From Brueghel’s famous skaters to the new darling of the artworld Alfons Walde – there are plenty of snowy scenes to seek out in London’s galleries and beyond.
1. Pieter Brueghel the Elder, Winter landscape with a bird trap, 1565
This serene Old Master painting of skaters on a frozen river is just one of many different versions painted by Brueghel. Don’t let its picture-postcard familiarity stop you from taking a closer look: Brueghel has laced rich symbolism into each detail. The frozen river with the ice skaters symbolises danger and the birds in a trap represent temptation and the devil. Traditionally birds throughout art history have symbolised the divine spirit descending to earth and the soul ascending to heaven.
Where can you see it? Royal Museums of Fine Arts, Belgium
2. Camille Pissarro , The Louvre under snow, 1902
Fancy a frosty winter stroll through Paris? This painting is less obviously impressionist than other famous paintings that fall into this movement. But two impressionist trade marks are still there: the main subject has been positioned slightly off-centre and all large, distracting elements are left out of the painting.
The view is from the artist’s apartment at the time and it is one of several paintings Pissarro undertook of the same scene – each painted during a different season. Pissarro has included the flat platform, railings and steps of the balcony which dominate the foreground. This large plane gives us a sense of elevation above the water as our eye is guided expertly down the river and into the folds of fog in the background.
Where can you see it? The National Gallery, London.
3. Alfons Walde, Winter sun 1919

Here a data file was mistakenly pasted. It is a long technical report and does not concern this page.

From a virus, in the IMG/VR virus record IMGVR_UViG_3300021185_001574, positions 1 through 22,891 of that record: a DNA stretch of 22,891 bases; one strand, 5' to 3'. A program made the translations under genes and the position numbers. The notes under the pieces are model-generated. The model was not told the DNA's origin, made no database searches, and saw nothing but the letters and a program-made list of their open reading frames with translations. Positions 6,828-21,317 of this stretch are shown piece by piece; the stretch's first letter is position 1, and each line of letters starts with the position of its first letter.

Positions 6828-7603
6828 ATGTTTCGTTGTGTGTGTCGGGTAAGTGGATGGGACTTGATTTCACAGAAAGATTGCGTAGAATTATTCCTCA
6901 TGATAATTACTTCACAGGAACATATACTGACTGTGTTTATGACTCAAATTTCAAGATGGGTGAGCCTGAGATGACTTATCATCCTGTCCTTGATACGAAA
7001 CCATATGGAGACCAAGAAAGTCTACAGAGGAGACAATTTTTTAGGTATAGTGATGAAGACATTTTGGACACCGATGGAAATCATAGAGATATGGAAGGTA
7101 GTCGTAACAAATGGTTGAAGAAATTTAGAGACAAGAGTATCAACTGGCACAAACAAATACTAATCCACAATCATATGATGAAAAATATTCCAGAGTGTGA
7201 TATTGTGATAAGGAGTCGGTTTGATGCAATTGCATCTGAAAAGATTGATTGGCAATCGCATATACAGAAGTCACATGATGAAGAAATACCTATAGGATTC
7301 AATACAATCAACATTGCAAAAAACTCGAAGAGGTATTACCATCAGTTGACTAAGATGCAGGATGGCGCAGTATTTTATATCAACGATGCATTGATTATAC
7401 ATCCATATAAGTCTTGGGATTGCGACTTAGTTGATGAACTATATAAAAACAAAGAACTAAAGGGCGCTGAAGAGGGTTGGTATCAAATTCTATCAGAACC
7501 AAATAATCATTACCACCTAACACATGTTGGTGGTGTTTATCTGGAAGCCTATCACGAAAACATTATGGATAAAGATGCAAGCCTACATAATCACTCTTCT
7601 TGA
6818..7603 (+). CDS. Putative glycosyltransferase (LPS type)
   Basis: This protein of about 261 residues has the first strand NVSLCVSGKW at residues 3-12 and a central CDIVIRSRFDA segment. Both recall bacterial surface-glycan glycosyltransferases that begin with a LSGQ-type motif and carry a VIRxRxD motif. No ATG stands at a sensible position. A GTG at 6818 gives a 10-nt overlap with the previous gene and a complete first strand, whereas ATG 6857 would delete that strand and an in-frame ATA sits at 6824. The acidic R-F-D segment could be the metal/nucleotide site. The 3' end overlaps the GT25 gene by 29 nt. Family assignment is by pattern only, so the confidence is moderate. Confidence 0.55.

Alfons Walde: Winter sun 1919 (Credit: Kunsterverlag alfonswalde.com)
This painting is as fresh and lively as a contemporary artwork yet it was painted just under 100 years ago. Walde, an Austrian artist, painted a series of winter ski sport paintings. His approach to painting snow is fresh and energetic which contrasts nicely with the frosty stillness of Pisarro’s painting above. Walde moved in an artistic circle that included the likes of Egon Schiele and Gustav Klimt. The painting is part of a private collection but Walde is a name to watch: just a few years ago you could pick up his pieces for a few hundred pounds and now they fetch over six figure sums at auction.
4. L.S. Lowry, The Old House, Grove Street , Salford 1948
Nearly all of Lowry’s works depict snow. But it is not the snow itself he is interested in but its ability to simplify and brighten the objects placed on top of it, creating a naive style that is instantly recognisable. Industrial towns, especially Manchester, and crowds of people are ongoing motifs in his paintings.
Where can I see Lowry’s work? Tate Britain, London (although not currently on display but you should be able to view by appointment)
5. Everybody loves Snow, Tim Southall
Tim Southall: Everybody Loves Snow, Credit: Wychwood Art Gallery
And, finally, a contemporary painting affordable enough to take home. The work takes its starting point from Dylan Thomas’s prose work ‘A Child’s Christmas in Wales’. The artist Tim Southall is heavily influenced by Brueghel. But, whilst owning a Brueghel is only ever likely to be a pipe dream for most of us gallery-goers, this piece could be hanging on your wall in time for Christmas. It is priced at £185.
Where can I see it ? Wychwood Art Gallery, online and in Deddington, Oxfordshire.
Paintings 1,2 and 4 can be found in the public domain on Wiki commons